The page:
Book online @ friendsoffortgorges.org
Don’t just see Portland — Discover it .
PORTLAND’S # 1 SIGHTSEEING TOUR
Harbor Lights and Sights Cruise 105- minute cruise with beautiful
Portland City and Lighthouse Tour 105 - minute trolley tour of Portland’s history, architecture,
views of Casco Bay’s famous lighthouses, lobster boats, seals, seabirds and more. Just $31
and landmarks, including a stop at Portland Head Light. Just $31
$58 for both!
Photo by Jack McCabe
Book online @ Portlanddiscovery.com
Call today 207-774-0808 • info@PortlandDiscovery.com Long Wharf, 170 Commercial St. (next to DiMillo’s) Tours depart May-October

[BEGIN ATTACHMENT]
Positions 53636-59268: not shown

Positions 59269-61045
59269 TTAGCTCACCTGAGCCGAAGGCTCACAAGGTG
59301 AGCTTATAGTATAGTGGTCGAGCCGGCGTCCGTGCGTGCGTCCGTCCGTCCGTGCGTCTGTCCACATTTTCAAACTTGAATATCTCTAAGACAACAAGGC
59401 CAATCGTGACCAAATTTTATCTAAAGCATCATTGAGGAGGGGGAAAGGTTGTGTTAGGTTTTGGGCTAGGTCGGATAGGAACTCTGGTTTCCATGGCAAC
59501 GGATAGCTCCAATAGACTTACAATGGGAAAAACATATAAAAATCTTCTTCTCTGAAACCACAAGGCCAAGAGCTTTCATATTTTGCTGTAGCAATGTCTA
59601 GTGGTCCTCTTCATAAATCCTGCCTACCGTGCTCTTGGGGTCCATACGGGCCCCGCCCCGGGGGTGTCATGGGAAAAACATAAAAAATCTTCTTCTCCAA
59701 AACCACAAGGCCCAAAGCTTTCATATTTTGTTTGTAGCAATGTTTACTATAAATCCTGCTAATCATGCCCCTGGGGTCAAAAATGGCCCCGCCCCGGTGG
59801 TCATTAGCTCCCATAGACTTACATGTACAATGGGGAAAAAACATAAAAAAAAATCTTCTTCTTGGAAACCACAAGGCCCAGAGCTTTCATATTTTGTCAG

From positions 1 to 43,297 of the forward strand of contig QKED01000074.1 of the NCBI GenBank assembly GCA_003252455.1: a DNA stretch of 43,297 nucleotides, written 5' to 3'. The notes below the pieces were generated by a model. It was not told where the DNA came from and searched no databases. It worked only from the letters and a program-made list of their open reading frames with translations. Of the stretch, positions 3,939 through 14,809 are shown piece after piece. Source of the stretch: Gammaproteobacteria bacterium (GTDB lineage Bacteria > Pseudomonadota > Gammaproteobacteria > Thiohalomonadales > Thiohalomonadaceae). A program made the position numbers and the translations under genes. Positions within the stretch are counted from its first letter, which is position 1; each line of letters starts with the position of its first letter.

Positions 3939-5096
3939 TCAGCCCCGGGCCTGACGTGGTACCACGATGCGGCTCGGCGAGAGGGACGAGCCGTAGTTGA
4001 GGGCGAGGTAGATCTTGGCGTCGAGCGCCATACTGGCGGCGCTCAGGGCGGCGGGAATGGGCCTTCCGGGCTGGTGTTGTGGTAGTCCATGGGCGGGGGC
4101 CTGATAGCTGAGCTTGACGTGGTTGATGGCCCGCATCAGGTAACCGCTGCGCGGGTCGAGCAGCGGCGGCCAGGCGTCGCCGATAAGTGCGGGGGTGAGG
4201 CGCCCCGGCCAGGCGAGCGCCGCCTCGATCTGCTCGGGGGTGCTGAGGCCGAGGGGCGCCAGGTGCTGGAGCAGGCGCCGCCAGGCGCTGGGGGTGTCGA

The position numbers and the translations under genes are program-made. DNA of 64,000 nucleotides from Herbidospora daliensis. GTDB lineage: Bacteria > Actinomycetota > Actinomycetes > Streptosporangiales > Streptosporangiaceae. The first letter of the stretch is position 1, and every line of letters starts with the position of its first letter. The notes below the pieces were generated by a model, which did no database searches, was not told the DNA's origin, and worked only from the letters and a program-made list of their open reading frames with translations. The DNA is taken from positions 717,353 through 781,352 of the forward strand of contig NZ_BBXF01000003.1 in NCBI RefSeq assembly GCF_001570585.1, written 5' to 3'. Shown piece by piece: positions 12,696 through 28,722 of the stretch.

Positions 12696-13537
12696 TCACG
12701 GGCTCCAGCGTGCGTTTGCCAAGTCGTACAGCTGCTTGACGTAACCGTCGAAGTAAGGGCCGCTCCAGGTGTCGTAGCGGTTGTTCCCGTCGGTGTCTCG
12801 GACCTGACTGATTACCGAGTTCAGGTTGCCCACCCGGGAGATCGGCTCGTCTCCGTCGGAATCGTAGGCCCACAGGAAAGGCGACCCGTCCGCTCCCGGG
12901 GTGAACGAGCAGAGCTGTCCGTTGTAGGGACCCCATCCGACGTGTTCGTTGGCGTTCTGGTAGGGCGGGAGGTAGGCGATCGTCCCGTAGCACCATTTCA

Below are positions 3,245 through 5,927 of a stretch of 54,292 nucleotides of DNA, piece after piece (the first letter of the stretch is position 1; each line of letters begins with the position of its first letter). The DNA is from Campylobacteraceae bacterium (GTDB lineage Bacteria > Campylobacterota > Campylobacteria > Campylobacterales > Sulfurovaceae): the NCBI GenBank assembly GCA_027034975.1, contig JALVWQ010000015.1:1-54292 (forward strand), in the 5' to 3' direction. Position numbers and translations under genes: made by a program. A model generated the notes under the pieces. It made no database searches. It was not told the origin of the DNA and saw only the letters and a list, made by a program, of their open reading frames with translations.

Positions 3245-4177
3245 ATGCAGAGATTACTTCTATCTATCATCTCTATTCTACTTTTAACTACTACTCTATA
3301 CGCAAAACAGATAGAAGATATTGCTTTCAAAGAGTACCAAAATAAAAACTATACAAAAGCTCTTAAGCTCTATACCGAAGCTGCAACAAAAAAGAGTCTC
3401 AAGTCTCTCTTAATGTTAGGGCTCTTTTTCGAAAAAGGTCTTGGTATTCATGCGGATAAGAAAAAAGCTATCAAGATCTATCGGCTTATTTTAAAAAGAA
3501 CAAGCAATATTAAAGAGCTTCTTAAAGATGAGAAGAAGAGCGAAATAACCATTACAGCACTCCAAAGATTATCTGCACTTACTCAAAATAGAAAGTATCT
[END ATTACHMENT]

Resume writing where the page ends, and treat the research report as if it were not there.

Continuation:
PORTLAND OBSERVATORY MUSEUM 138 Congress St, Portland 207-774-5561 portlandlandmarks.org Only remaining maritime signal tower in America. Sweeping views of Portland, Casco Bay and the White Mountains. Memorial Day to Columbus Day. Map 3, E11 SOUTHWORTH PLANETARIUM 70 Falmouth St, Portland 207-780-4249 usm.maine.edu/planet Portland’s space & science place! Explore galax- ies, atoms, cells & the sea in our subterranean star dome. We offer shows, classes & much more. Map 3, C8 TATE HOUSE MUSEUM Built in 1755, features period furnishings and herb gardens. Special events & activities. Gift shop. Hourly tours Jun-Oct. Map 3, B5 VICTORIA MANSION 109 Danforth St, Portland 207-772-4841 victoriamansion.org Built in 1858-1860, the Mansion’s intact interiors still boast over 90% of their original furnishings. Tours May-Oct. Decorated for the Holidays. Map 3, E5 Continued on page 30 1267 Westbrook St, Portland 207-774-6177 tatehouse.org